This system is what turns the petrol Internal Combustion Engine (ICE) into a hybrid, as it adds around 160 bhp to the car’s output. The energy from the turbocharger – Motor generator unit – Heat (MGU-H) and energy from the brakes Motor generator unit – Kinetic (MGU-K) and stored in batteries and can be deployed whenever needed. The best way to understand what these modes mean is to imagine them as the fuel modes, but the key difference is that instead of it being constantly drained, it’s recharged during the braking zones. The three modes are :

  • Mode 1 – Medium
  • Mode 2 – Hotlap
  • Mode 3 – Overtake

The number next to voltage symbol stands for the ERS mode being deployed. “H” stands for the amount of energy harvested. “D” stands for the amount of energy deployed and it is limited to certain level for a lap. When D is fully used you cannot use anymore ERS. The % shows you how much ERS is left for use.

Drag Redcution System (DRS)

DRS stands for Drag Reduction System. When a car is less than 1 second behind a car a flap opens up in the rear wing. The rear wing helps create downforce in corners but creates drag or slows the car down on straights. By opening the slot, the car is more aerodynamic and faster.

DRS can only be opened on certain points – theses are the DRS activation zones – they are always on straights. It is marked as DRS as in the picture above and the activation can be done on touching the line. The distance for the activation zone is displayed in your MFD in orange coloured numbers near speed. You have to manually press the required button. It switches off automatically when the zone is over. It usually gets activated in the second lap or so and not available during safety car.

As i said before for a driver to have access to DRS he has to be less than 1 second behind the car in front. the detection zone is where this gap is measured i.e. if you are less than one second behind the car in front at the detection zone then you will have DRS in the subsequent Activation zone. You will get a beep sound to let you know that DRS available

F1 cars are now so finely tuned to control air flow over the car when they are close behind another car they get what is called “dirty air” this is where the air is so turbulent it is not flowing over the car in an ideal way. this makes overtaking hard as when you are close to overtake a car your car is really hard to drive. DRS is supposed to negate the loss of dirty air.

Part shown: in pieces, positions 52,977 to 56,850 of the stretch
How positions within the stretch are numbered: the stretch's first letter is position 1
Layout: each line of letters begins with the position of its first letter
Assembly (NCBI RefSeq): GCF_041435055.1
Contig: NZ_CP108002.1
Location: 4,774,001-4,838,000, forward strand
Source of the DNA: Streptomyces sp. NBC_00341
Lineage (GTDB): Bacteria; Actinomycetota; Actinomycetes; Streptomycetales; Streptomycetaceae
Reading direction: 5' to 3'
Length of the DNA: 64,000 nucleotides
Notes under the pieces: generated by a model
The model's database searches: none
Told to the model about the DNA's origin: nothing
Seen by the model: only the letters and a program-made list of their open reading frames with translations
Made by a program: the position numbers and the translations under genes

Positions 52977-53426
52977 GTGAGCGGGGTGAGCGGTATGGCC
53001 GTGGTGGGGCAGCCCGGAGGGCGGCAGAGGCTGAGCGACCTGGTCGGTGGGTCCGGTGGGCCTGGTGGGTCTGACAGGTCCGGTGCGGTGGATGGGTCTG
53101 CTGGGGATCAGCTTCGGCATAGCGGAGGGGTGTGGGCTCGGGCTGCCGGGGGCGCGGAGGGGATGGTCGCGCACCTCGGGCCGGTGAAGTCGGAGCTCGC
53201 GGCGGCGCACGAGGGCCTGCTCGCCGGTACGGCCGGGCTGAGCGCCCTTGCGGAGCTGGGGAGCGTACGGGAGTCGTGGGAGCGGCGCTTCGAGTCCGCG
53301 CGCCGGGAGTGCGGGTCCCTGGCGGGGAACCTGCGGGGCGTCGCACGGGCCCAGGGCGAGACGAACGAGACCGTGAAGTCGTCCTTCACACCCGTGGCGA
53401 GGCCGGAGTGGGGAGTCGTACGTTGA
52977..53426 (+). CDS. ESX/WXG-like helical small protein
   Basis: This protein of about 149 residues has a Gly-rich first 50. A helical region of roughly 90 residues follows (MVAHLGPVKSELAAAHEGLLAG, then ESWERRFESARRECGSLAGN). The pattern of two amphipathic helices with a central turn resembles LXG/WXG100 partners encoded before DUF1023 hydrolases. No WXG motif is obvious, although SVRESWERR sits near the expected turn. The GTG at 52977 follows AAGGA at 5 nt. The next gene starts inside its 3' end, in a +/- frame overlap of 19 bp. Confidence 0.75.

• Yellow flag means that there is a debris on the track or a slow car and that you should be careful during that section till the green flag is waved. No overtaking is allowed in the yellow flag section as marked in red circle in above picture.
  • Green flag means you that sector is clear and you can continue racing.
  • Blue flag means the backmarkers (people who are lagging a whole lap behind race leaders) should let a fast car overtake, if not they are given a penality.
  • Red flag, I have never red flag being waved in this game but it means the the race is stopped and all cars must return to pit.
  • Black flag is waved along with the driver number meaning that you have done some forza horizon level crap on the track and you are eliminated from the game.
  • Chequered Flag is commonly used across all of motorsport to signify the end of a session.

I would’nt worry about penalities if I was a beginner since those are automatically deployed in the game and you don’t need to do anything. You will automatically understand them once you play a few games.

Helena Stamatina
About Helena Stamatina 2690 Articles
My first game was Naughty Dog’s Crash Bandicoot (PlayStation) back in 1996. And since then gaming has been my main hobby. I turned my passion for gaming into a job by starting my first geek blog in 2009. When I’m not working on the site, I play mostly on my PlayStation. But I also love outdoor activities and especially skiing.